“Instead of exploring strange alien worlds and fighting for survival, our heroes were shoe-horned into situations in which they learned valuable life lessons and [provided] educational content suitable for pre-adolescents.”Mark Edens
What’s more, while the FCC’s policies were causing the show to veer off course, the network wasn’t doing much to set it straight, based on the recollections of Michael Edens, who was a story editor on Stargate Infinity.
“We had very little direction from MGM,” he says. “We just had one meeting with the MGM executives. They took the position that, since we were set in the future of the Stargate timeline, we could pretty much do anything we wanted.”
As the bastard child of the franchise, Stargate Infinity has since been banished to the farthest reaches of the expanded universe. The fact that the abbreviation SGI isn’t really a thing sums up how most fans probably feel about it. Unfortunately, this was not what the writers were expecting, Michael Edens admits.
“Since we were set in the Stargate future, we thought the original fans would cut us some slack, but apparently they didn’t,” he says. “We did the best we could do, especially since we were out there operating on our own with very little input from MGM, so the fan reaction came as something of a surprise.”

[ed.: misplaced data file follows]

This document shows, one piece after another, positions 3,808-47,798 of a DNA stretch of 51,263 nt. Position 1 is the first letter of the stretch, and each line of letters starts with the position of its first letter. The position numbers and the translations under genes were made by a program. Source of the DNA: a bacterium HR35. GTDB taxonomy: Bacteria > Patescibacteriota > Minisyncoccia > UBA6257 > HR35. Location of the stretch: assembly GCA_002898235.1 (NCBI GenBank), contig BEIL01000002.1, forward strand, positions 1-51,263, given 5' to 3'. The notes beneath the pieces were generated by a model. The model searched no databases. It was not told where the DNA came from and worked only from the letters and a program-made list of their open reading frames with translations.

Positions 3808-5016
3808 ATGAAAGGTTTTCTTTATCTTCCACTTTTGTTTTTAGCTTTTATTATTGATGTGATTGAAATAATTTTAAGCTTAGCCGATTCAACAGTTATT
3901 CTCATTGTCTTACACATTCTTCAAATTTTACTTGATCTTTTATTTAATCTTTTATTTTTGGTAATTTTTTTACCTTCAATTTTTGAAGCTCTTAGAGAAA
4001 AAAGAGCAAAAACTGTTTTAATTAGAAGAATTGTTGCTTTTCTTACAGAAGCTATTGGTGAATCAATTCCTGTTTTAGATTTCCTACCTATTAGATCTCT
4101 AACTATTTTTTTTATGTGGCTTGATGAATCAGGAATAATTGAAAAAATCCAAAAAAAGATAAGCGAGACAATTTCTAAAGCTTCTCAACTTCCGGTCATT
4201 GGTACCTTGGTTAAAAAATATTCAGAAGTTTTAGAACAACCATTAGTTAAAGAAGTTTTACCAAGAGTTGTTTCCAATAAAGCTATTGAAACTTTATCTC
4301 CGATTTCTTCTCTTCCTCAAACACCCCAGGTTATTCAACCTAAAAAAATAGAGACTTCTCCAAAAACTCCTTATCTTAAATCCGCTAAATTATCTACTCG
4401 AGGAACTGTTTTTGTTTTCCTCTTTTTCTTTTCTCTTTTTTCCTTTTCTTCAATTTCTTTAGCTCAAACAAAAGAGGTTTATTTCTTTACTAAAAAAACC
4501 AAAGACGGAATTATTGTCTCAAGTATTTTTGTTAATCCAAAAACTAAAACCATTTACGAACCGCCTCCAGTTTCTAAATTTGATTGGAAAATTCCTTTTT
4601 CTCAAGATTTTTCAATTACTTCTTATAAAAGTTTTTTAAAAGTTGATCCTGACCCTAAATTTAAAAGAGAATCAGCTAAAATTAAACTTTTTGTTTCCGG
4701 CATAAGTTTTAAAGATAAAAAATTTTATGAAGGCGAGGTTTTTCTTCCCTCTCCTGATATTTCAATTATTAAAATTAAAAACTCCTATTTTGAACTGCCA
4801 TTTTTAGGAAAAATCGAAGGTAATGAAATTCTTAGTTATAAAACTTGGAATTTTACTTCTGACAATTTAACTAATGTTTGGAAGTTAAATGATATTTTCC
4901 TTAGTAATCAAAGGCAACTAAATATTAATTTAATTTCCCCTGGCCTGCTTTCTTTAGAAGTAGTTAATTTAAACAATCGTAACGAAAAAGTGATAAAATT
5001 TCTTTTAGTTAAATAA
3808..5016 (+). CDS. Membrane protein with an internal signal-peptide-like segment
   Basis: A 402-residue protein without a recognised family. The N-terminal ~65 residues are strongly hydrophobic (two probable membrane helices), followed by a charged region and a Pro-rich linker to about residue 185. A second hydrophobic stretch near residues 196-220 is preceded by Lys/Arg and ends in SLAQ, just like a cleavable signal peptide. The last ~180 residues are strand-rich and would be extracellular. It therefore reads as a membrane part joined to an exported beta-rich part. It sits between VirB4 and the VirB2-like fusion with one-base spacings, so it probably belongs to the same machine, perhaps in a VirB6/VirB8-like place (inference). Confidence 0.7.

No-one seems to be happy with the way Stargate Infinity turned because it is so out of phase with anything else in the franchise. The effort to blend positive values with the sense of adventure that is essential to Stargate was well-intentioned but always likely to fail in the absence of a commitment to keep the show in line with canon. MGM failed to show this from the beginning, according to the writers who developed the series, so it should come as no surprise that Infinity is barely remembered as Stargate.
Still, perhaps there is some hope for its redemption. The animated series of Star Trek has been criticized for having many of the same faults as Stargate Infinity. Even now the former show is not universally accepted as canon. Nevertheless, over the years elements from it have become embedded in official Trek lore, highlighting how, when it comes to long-running franchises, canons are only as static as the laws that govern us in real life. As unlikely as it may seem that we will see a Hrathi in a future Stargate series, give it another decade and an uber-fan showrunner with a penchant for arcane references and who knows.
Shoutouts: A huge thanks to Annmarie & Peter Clark, Manish, and Jeff Lewis, some of our Kickstarter backers who made The Companion possible!
Mike is a journalist, writer and scientist living in British Columbia, Canada. He really wants the film industry to get back on its feet because going to the sets of geeky TV shows is like his favourite thing ever. Cheese is up there, tooFollow him on Twitter @PopCan_CA